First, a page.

By Marina Starleaf Riker

The Bulletin

Brown expands sanctuary law

Gov. Kate Brown urged Oregon’s attorney general on Thursday to quickly take legal action against the federal government over President Donald Trump’s executive order on immigration.

Brown also broadened a 1987 law that prevents law enforcement from detaining people who are in the United States illegally but have not broken other laws.

“We will not retreat,” Brown told reporters in her office with law enforcement officials near her side.

Brown then signed an executive order that said all state agencies, and not just law enforcement, must follow the 1987 statute that essentially made Oregon the nation’s first and only sanctuary state.

“I urge you to explore what legal remedies are available to our State to resist these anti-immigrant measures in court,” Brown wrote in a letter to Oregon Attorney General Ellen Rosenblum.

Oregon Deputy Attorney General Fred Boss said his office is reviewing similar legal cases around the country in order to determine how to proceed. He said he expected to announce a plan next week.

Diego Hernandez, a Hispanic freshman lawmaker from Portland who was present at the signing, praised the effort.

“It is important to reassure Oregonians that we will stand for our values of inclusivity and diversity, and do not discriminate on the basis of religion or immigration status,” he said in an interview.

Brown also said state agencies are required not to discriminate on the basis of immigration status. Brown said her executive order follows state and federal law.

Her executive order also forbids state agencies from participating in the creation of a registry to identify people based on religion. That was a pre-emptive action in case the Trump administration tries to register Muslims in the country.

OSU-Cascades in Bend follows Oregon State University’s sanctuary policy which outlines specific ways it will protect students.

Among them, OSU-Cascades won’t enforce federal immigration laws and it “will vehemently oppose any federal effort to create a registry based on protected characteristics, such as national origin, religion, sexual orientation, race, or other identities.”

While Central Oregon Community College hasn’t identified itself as a sanctuary school, it has made clear to students it will not enforce federal immigration laws without a court order or clear health or safety risk, according to Ron Paradis, director of college relations.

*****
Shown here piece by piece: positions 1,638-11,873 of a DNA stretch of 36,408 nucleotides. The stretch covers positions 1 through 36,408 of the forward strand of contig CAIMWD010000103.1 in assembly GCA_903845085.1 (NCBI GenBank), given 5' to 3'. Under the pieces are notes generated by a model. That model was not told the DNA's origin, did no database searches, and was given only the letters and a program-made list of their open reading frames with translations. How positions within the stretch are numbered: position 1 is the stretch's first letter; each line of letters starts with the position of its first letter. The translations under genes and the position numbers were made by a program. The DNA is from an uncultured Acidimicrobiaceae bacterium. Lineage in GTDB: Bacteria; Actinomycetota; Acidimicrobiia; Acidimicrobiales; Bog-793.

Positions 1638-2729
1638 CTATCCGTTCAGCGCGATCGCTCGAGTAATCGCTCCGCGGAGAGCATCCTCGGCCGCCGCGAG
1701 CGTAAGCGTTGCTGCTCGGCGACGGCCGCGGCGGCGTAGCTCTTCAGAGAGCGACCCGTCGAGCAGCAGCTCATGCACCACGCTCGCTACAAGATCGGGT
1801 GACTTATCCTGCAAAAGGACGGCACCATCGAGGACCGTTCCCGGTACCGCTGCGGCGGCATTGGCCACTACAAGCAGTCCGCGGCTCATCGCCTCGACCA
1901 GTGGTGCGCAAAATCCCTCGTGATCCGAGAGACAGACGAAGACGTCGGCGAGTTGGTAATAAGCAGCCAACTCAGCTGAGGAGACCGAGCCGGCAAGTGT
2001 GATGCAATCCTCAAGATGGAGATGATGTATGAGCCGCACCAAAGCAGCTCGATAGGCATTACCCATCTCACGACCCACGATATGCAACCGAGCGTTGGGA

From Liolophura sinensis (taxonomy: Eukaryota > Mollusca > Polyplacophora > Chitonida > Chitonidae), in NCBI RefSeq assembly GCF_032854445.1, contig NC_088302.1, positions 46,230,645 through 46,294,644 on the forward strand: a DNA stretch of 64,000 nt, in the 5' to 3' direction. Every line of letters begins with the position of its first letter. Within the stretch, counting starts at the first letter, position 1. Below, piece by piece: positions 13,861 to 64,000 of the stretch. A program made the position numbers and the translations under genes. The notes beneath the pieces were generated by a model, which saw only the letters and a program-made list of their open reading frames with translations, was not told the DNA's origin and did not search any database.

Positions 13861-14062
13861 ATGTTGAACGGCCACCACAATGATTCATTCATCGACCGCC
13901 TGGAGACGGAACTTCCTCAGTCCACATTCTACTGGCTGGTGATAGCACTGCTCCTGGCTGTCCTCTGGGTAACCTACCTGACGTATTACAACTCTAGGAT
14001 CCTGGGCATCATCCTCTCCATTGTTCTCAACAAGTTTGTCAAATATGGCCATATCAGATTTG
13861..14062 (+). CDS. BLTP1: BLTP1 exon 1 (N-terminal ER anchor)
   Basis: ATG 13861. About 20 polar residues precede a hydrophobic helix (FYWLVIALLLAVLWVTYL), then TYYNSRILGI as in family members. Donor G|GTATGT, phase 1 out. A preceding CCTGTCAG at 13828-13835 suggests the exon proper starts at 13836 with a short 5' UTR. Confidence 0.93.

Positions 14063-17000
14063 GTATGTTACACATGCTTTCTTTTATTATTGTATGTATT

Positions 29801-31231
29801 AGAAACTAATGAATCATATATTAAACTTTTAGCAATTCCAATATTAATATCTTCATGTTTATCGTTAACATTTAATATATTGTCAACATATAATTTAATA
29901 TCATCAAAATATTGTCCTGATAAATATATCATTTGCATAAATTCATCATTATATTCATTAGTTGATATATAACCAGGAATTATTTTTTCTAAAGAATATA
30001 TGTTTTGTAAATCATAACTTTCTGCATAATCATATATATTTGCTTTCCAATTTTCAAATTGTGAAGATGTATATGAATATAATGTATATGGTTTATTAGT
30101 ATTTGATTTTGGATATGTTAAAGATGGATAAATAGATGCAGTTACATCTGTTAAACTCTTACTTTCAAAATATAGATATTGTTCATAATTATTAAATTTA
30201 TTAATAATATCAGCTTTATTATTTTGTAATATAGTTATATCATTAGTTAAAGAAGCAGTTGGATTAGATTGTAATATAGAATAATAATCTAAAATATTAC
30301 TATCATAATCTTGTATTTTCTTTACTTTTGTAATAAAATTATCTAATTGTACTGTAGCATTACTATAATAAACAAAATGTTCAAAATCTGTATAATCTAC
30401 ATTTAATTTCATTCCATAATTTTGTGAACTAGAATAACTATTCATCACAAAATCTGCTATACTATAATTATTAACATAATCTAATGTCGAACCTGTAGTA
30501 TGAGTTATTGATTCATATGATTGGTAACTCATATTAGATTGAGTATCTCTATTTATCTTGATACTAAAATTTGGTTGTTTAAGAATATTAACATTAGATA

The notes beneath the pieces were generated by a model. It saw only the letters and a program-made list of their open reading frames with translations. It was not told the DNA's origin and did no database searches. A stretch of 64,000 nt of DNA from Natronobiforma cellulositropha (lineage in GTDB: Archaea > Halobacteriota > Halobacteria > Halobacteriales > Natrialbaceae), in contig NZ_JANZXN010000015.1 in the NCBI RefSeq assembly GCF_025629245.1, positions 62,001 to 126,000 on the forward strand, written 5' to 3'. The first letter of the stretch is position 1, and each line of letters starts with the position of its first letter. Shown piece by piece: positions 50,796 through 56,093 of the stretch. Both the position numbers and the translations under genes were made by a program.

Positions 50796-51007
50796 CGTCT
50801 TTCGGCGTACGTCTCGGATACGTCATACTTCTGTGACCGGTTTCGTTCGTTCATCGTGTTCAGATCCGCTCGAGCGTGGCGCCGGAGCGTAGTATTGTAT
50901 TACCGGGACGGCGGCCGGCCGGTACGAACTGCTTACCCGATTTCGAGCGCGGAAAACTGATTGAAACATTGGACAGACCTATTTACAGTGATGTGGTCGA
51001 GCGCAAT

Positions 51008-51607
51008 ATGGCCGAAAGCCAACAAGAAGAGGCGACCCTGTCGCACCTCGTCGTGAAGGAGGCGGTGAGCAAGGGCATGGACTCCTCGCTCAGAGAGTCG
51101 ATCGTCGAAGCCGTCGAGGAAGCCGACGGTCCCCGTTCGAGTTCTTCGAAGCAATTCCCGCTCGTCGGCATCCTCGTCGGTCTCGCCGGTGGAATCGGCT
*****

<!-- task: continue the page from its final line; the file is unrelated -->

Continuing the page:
On top of many political leaders’ minds is Trump’s recent executive order that threatens to withhold federal funding from communities with sanctuary policies.

“Everybody is going to be worried in terms of that,” Hernandez said. “But I also believe that we’re still following state law, that’s our statute. We’re following federal law. And let the courts determine what’s the right thing.’”

— Staff and wire reports

Every client that Bend immigration attorney Micaela Guthrie has met with since President Donald Trump signed executive orders on immigration last week has felt the same thing — scared.

Guthrie, who works for Bend Immigration Group, said many of her clients have been legal U.S. residents for years. But despite going through the complicated paperwork to become legal residents, they’re terrified about how the executive orders might affect their lives in the United States.

“I have not had one client or consultant who has not mentioned how afraid they are,” Guthrie said.

The Bend attorney represents only a few immigrants out of thousands nationwide who worry what Trump’s executive orders mean for their futures.

The executive orders, which were signed last week, ban people from seven Muslim-majority countries from entering the United States, as well as begin the process to build a wall between the United States and Mexico. Another aims to crack down on security within U.S. borders by withholding federal funding from local governments that refuse to enforce federal immigration laws.

In Oregon, immigrants receive a certain amount of protection under a state law that bans police from enforcing federal immigration laws and detaining people solely for their immigration status. But because the state refuses to criminalize people on immigration status alone, it could jeopardize the state’s federal funding in the future. Despite the threat, Oregon’s law enforcement officials say they will continue to follow state law and refuse to arrest people solely on their immigration status.